Moreover, these differences in role are not temporary but will last forever: Paul tells us that even after the final judgment, when the “last enemy,” that is, death, is destroyed and when all things are put under Christ’s feet, “then the Son himself will also be subjected to him who put all things under him, that God may be everything to every one” (1 Cor. 15:28).

2. The Persons of the Trinity Eternally Existed as Father, Son, and Holy Spirit. But why do the persons of the Trinity take these different roles in relating to creation? Was it accidental or arbitrary? Could God the Father have come instead of God the Son to die for our sins? Could the Holy Spirit have sent God the Father to die for our sins, and then sent God the Son to apply redemption to us

No, it does not seem that these things could have happened, for the role of commanding, directing, and sending is appropriate to the position of the Father, after whom all human fatherhood is patterned (Eph. 3:14–15). And the role of obeying, going as the Father sends, and revealing God to us is appropriate to the role of the Son, who is also called the Word of God (cf. John 1:1–5, 14, 18; 17:4; Phil. 2:5–11). These roles could not have been reversed or the Father would have ceased to be the Father and the Son would have ceased to be the Son. And by analogy from that relationship, we may conclude that the role of the Holy Spirit is similarly one that was appropriate to the relationship he had with the Father and the Son before the world was created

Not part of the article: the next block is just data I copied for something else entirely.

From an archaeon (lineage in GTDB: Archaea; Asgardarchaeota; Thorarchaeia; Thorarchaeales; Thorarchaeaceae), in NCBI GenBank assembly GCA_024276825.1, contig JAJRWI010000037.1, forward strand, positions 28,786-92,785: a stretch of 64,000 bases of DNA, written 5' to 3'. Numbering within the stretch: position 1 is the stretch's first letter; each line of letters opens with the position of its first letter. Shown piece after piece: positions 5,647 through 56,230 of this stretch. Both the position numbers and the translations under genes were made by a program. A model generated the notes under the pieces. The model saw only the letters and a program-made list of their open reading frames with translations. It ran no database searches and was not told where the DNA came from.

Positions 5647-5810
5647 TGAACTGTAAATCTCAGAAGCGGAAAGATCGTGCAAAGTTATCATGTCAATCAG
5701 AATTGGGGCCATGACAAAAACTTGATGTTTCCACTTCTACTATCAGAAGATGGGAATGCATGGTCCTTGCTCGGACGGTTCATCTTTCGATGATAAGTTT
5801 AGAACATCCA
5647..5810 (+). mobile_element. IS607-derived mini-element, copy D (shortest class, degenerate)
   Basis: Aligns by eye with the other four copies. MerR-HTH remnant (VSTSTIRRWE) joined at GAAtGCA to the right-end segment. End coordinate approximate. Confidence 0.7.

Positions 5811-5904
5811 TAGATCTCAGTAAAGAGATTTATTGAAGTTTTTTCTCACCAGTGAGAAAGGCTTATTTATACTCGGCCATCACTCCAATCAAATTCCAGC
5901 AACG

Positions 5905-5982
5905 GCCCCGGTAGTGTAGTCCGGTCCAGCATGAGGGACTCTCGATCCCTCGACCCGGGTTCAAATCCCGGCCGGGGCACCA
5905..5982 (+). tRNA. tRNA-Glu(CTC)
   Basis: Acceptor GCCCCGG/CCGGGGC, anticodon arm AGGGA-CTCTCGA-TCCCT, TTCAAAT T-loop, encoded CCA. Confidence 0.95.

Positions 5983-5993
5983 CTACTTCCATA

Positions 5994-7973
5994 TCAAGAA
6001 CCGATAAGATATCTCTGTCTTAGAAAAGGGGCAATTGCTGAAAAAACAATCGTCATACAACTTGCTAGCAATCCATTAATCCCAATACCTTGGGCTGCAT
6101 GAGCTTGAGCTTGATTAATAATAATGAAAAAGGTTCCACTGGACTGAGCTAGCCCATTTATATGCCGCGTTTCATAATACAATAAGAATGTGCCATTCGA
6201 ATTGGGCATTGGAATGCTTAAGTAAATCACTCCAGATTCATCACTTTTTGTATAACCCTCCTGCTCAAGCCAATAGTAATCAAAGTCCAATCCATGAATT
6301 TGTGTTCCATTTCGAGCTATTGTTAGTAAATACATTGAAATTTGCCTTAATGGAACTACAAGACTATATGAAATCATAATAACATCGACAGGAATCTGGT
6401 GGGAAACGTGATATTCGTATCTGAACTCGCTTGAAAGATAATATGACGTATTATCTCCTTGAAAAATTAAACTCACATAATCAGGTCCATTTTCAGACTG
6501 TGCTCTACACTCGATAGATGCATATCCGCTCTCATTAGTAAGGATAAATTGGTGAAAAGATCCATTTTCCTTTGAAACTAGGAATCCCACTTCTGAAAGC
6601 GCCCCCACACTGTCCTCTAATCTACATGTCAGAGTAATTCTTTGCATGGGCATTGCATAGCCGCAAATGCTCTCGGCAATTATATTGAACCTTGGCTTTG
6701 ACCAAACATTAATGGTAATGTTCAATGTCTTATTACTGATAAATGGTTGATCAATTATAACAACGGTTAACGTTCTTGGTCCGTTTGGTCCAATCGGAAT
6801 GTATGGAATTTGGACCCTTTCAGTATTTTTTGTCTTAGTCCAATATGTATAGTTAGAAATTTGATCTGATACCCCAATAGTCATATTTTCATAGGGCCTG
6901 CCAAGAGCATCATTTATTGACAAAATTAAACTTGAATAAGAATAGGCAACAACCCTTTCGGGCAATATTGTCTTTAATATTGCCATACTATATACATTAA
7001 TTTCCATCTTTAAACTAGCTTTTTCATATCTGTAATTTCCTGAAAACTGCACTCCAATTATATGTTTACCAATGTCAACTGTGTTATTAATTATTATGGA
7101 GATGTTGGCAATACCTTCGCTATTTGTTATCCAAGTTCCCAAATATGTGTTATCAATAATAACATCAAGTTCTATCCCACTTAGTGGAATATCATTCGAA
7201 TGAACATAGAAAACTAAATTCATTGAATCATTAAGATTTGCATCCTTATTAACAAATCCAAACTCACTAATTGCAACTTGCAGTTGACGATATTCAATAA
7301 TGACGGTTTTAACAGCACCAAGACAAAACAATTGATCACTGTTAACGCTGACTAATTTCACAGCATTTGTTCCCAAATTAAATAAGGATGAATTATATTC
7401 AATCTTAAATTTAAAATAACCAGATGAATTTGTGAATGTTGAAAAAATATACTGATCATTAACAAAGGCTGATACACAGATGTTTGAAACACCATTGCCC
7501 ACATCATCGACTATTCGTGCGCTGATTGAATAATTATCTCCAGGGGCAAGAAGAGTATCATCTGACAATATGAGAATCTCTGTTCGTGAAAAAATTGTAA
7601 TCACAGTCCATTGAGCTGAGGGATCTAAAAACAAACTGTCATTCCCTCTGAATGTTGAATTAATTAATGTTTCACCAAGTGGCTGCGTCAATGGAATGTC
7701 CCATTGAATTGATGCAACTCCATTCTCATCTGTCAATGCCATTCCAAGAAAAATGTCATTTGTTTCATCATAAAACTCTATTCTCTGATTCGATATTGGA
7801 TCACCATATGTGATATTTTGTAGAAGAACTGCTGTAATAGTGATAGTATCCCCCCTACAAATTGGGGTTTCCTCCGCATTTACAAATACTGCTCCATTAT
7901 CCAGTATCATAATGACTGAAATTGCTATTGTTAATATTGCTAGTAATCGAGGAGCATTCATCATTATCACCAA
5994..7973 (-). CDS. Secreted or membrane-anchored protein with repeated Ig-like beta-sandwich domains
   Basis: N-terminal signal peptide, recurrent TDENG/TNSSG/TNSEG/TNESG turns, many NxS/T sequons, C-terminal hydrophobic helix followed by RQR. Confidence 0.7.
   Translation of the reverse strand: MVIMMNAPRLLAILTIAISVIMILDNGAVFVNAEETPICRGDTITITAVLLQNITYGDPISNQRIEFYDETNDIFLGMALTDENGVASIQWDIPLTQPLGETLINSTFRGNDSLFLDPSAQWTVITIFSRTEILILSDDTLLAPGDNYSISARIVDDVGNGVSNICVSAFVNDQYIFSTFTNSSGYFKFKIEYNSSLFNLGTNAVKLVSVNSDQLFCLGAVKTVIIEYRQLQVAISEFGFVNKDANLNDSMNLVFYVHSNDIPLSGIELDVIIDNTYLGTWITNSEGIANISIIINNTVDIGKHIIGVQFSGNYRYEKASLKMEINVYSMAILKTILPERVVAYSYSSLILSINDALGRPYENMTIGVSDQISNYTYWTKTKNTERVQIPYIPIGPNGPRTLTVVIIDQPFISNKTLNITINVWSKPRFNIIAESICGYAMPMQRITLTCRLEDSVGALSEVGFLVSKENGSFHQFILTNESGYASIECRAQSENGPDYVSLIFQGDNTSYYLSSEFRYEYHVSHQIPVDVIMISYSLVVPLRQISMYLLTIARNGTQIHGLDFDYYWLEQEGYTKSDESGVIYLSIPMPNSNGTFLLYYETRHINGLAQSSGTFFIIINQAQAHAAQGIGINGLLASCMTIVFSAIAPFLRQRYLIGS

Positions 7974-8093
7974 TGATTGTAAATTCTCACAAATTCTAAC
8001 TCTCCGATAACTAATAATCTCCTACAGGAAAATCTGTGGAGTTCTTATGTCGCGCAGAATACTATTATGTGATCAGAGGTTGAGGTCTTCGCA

Second, before the Son came to earth, and even before the world was created, for all eternity the Father has been the Father, the Son has been the Son, and the Holy Spirit has been the Holy Spirit. These relationships are eternal, not something that occurred only in time. We may conclude this first from the unchangeableness of God (see chapter 11): if God now exists as Father, Son, and Holy Spirit, then he has always existed as Father, Son, and Holy Spirit. We may also conclude that the relationships are eternal from other verses in Scripture that speak of the relationships the members of the Trinity had to one another before the creation of the world. For instance, when Scripture speaks of God’s work of election (see chapter 32) before the creation of the world, it speaks of the Father choosing us “in” the Son: “Blessed be the God and Father of our Lord Jesus Christ … he chose us in him before the foundation of the world that we should be holy and blameless before him” (Eph. 1:3–4). The initiatory act of choosing is attributed to God the Father, who regards us as united to Christ or “in Christ” before we ever existed. Similarly, of God the Father, it is said that “those whom he foreknew he also predestined to be conformed to the image of his Son” (Rom. 8:29). We also read of the “foreknowledge of God the Father” in distinction from particular functions of the other two members of the Trinity (1 Peter 1:2 NASB; cf. 1:20).32 Even the fact that the Father “gave his only Son” (John 3:16) and “sent the Son into the world” (John 3:17) indicate that there was a Father-Son relationship before Christ came into the world. The Son did not become the Son when the Father sent him into the world. Rather, the great love of God is shown in the fact that the one who was always Father gave the one who was always his only Son: “For God so loved the world that he gave his only Son …” (John 3:16). “But when the time had fully come, God sent forth his Son” (Gal. 4:4)